Measuring & Mapping
Where, how far, and how much? People have invented an astonishing array of devices to answer seemingly simple questions like these. Measuring and mapping objects in the Museum's collections include the instruments of the famous—Thomas Jefferson's thermometer and a pocket compass used by Meriwether Lewis and William Clark on their expedition across the American West. A timing device was part of the pioneering motion studies of Eadweard Muybridge in the late 1800s. Time measurement is represented in clocks from simple sundials to precise chronometers for mapping, surveying, and finding longitude. Everyday objects tell part of the story, too, from tape measures and electrical meters to more than 300 scales to measure food and drink. Maps of many kinds fill out the collections, from railroad surveys to star charts.
"Measuring & Mapping - Overview" showing 1 items.
- While studying physics with Arnold Romberg at the University of Texas in 1933, Lucien LaCoste designed a seismometer with a so-called "zero length spring." LaCoste and Romberg formed a partnership in 1939 and began making seismometers and then gravity meters incorporating springs of this sort.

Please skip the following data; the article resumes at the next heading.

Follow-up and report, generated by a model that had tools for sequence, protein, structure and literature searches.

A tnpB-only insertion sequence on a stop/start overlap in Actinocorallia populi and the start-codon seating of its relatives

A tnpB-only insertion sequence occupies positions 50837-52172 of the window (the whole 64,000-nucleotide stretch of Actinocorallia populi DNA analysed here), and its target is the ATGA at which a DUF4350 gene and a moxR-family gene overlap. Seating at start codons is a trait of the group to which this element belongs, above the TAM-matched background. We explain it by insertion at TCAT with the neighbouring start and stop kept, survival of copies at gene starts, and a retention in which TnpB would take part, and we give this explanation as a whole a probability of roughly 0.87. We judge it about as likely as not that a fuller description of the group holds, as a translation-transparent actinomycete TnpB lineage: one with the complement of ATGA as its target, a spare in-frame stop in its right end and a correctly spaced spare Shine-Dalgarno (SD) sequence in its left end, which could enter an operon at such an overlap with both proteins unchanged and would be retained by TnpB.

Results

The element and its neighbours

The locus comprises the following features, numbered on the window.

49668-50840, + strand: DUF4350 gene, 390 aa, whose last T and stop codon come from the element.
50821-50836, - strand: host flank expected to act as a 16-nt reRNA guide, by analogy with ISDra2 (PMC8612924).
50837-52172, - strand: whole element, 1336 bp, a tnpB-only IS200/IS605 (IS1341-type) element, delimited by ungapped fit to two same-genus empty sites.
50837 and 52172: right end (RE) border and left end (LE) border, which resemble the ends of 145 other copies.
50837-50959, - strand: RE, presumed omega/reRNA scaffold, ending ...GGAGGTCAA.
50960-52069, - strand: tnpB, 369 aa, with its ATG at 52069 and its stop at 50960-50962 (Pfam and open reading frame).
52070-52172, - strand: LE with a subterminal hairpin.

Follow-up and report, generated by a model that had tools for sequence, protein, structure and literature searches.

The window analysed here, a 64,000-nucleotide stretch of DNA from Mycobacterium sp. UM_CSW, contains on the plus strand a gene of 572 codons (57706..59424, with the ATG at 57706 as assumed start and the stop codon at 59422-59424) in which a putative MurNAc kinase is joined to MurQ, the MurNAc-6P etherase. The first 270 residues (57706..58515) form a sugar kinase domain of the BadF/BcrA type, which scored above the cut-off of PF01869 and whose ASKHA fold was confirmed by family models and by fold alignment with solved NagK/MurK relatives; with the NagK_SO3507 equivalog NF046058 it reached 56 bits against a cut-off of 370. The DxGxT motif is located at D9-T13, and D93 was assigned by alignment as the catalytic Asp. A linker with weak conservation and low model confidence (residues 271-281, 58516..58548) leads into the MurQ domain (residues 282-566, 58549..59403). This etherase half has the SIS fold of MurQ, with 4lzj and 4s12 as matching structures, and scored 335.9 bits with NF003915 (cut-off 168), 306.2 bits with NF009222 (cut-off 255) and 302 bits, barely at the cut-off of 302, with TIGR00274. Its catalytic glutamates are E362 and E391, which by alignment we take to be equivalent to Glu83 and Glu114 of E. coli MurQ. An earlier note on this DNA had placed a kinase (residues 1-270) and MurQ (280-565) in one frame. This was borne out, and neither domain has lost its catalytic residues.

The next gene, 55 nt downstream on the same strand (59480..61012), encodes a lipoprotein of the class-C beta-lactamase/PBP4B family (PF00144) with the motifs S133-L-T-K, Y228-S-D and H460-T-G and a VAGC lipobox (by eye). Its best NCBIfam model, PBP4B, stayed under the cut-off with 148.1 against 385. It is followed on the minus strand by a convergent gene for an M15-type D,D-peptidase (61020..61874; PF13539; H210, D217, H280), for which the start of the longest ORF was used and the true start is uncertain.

- As gravity meters became ever more precise, LaCoste realized that they could be used to measure earth tides. H. Neal Clarkson, a machinist at LaCoste & Romberg, designed and built the first earth tide meter under LaCoste's direction, this work serving as Clarkson's dissertation project for a PhD in physics from the University of Texas.
- The DL-1 was an improved instrument that could detect variations in gravity of the order of one microgal, or one part in a billion. It was built by LaCoste & Romberg in 1953 and installed in the firm's workshop in Austin, Texas. The Institute of Geophysics at UCLA acquired the DL-1 for the worldwide survey of earth tides that it conducted during the International Geophysical Year 1957-1958. The Institute donated the instrument to the Smithsonian in 2000.
- Currently not on view
- date made
- LaCoste & Romberg
- ID Number
- catalog number
- accession number
- Data Source
- National Museum of American History, Kenneth E. Behring Center